# Analysis of variance: ANOVA (2 way)

The technique for a one-way ANOVA can be extended to situations where there is more than one factor, or – indeed – where there are several factors with several levels each, which may have synergistic or antagonistic effects on each other.

In the models we have seen so far (linear regression, one-way ANOVA) all we have really done is tested the difference between a null model (“y is a constant”, “y=“) and a single alternative model (“y varies by group” or “y=a+bx“) using an F test. However, in two-way ANOVA there are several possible models, and we will probably need to proceed through some model simplification from a complex model to a minimally adequate model.

The file wheat_yield.csv contains data on the yield (tn ha−1) of wheat from a large number of replicate plots that were either unfertilised, given nitrate alone, phosphate alone, or both forms of fertiliser. This requires a two-factor two-level ANOVA.

```wheat.yield<-read.csv( "H:/R/wheat_yield.csv" )
interaction.plot(
response     = wheat.yield\$yield,
x.factor     = wheat.yield\$N,
trace.factor = wheat.yield\$P
)```

As we’re plotting two factors, a box-and-whisker plot would make no sense, so instead we plot an interaction plot. It doesn’t particularly matter here whether we use `N`(itrate) as the `x.factor` (i.e. the thing we plot on the x-axis) and `P`(hosphate) as the `trace.factor` (i.e. the thing we plot two different trace lines for): You’ll note that the addition of nitrate seems to increase yield: both traces slope upwards from the `N`(o) to `Y`(es) level on the x-axis, which represents the nitrate factor. From the lower trace, it appears addition of just nitrate increases yield by about 1 tn ha−1.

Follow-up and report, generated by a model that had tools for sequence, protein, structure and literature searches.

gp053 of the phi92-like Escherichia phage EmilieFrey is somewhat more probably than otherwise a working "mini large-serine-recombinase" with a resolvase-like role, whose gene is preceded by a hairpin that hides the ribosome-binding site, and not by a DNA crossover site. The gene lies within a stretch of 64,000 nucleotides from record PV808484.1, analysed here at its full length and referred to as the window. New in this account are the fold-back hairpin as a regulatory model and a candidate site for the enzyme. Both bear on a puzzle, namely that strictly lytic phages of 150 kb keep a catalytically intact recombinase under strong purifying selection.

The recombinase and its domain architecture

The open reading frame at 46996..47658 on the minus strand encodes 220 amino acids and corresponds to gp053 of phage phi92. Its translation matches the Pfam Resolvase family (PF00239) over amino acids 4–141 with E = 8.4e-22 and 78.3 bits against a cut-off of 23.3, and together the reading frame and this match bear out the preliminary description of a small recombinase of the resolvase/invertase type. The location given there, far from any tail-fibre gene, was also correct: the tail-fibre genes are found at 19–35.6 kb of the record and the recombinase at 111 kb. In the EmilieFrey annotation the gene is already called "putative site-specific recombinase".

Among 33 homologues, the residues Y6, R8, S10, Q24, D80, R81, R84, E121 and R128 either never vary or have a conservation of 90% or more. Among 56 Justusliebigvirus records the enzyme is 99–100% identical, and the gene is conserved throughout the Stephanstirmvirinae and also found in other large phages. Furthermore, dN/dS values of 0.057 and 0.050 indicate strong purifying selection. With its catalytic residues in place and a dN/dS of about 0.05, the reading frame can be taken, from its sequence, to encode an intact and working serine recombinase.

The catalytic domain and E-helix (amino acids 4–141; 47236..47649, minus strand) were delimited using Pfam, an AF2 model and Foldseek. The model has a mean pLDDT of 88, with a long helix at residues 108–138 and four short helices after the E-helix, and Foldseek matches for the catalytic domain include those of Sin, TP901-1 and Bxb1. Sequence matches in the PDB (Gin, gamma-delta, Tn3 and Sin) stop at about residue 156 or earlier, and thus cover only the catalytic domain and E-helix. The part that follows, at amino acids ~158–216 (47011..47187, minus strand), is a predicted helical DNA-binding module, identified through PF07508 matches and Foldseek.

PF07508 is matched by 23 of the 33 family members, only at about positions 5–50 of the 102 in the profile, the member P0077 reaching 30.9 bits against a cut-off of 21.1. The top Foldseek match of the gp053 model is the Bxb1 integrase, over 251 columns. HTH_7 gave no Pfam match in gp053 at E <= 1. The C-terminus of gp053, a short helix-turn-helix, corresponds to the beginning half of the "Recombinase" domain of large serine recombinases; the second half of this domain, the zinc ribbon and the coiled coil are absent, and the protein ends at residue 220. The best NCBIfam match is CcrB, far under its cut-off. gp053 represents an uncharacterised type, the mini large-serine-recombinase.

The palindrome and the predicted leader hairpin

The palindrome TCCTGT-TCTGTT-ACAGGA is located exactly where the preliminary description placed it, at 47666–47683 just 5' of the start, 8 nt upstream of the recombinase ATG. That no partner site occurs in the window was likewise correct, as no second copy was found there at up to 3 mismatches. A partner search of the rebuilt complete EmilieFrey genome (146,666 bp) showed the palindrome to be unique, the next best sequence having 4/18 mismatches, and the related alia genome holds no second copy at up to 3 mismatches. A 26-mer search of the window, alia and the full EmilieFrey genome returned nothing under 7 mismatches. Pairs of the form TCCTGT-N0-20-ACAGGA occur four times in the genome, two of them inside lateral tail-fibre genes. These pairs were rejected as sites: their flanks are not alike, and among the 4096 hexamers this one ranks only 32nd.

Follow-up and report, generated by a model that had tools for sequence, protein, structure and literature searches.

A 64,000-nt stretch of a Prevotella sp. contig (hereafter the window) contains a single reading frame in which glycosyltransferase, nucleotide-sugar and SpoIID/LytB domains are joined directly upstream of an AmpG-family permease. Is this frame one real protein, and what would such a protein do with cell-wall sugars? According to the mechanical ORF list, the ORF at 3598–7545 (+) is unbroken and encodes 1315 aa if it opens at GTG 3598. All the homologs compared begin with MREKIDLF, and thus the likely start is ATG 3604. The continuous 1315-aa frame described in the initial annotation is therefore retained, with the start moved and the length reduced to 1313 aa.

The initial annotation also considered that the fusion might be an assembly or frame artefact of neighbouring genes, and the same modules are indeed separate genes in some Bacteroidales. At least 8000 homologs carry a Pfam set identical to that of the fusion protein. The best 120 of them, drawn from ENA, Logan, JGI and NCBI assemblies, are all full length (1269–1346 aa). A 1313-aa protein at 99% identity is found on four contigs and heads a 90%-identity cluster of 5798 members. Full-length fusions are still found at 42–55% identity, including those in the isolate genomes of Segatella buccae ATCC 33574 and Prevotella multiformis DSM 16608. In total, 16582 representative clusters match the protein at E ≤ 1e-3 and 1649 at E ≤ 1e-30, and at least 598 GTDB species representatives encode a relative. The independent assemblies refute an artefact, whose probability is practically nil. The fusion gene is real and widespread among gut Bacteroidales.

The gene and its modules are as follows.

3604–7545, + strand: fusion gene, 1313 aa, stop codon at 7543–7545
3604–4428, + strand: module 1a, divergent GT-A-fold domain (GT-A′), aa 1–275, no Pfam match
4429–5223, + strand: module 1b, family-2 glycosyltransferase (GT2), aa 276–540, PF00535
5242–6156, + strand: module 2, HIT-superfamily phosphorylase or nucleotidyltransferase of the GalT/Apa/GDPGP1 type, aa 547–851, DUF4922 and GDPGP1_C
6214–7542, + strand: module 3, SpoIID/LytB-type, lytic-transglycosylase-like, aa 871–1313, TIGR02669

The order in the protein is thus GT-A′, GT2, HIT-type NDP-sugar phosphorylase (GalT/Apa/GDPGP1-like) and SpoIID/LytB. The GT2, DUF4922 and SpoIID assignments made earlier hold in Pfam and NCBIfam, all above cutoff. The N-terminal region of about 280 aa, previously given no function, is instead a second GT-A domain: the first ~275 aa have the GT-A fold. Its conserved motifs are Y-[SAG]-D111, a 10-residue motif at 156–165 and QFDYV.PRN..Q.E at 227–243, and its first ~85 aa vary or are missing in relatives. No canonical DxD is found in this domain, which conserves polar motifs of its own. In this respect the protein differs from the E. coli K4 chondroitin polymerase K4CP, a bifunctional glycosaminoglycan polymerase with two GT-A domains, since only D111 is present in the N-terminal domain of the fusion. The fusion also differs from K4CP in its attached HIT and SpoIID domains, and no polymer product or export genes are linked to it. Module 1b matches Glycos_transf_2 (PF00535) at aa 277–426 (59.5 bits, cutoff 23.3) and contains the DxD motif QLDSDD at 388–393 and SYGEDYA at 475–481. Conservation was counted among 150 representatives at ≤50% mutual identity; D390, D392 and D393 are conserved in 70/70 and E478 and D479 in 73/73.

You’ll also note that the addition of phosphate seems to increase yield: the `Y`(es) trace for phosphate is higher than the `N`(o) trace for phosphate. From comparing the upper and lower traces at the left (no nitrate), it appears that addition of just phosphate increases yield by about 2 tn ha−1.

Finally, you may notice there is a positive (synergistic) interaction. The traces are not parallel, and the top-right ‘point’ (`Y`(es) to both nitrate and phosphate) is higher than you would expect from additivity: the top-right is maybe 4, rather than 1+2=3 tn ha−1 higher than the completely unfertilised point.

We suspect there is an interaction, this interaction is biologically plausible, and we have 30 samples in each of the four treatments. We fit a two-factor (two-way) ANOVA maximal model, to see whether this interaction is significant.

First, we fit the model using `N*P` to fit the ‘product’ of the nitrate and phosphate factors, i.e.

```wheat.model<-aov(yield ~ N*P, data=wheat.yield )
anova( wheat.model )```
```Analysis of Variance Table
Response: yield
Df  Sum Sq Mean Sq  F value   Pr(>F)
N           1  83.645  83.645  43.3631   9.122e-10 ***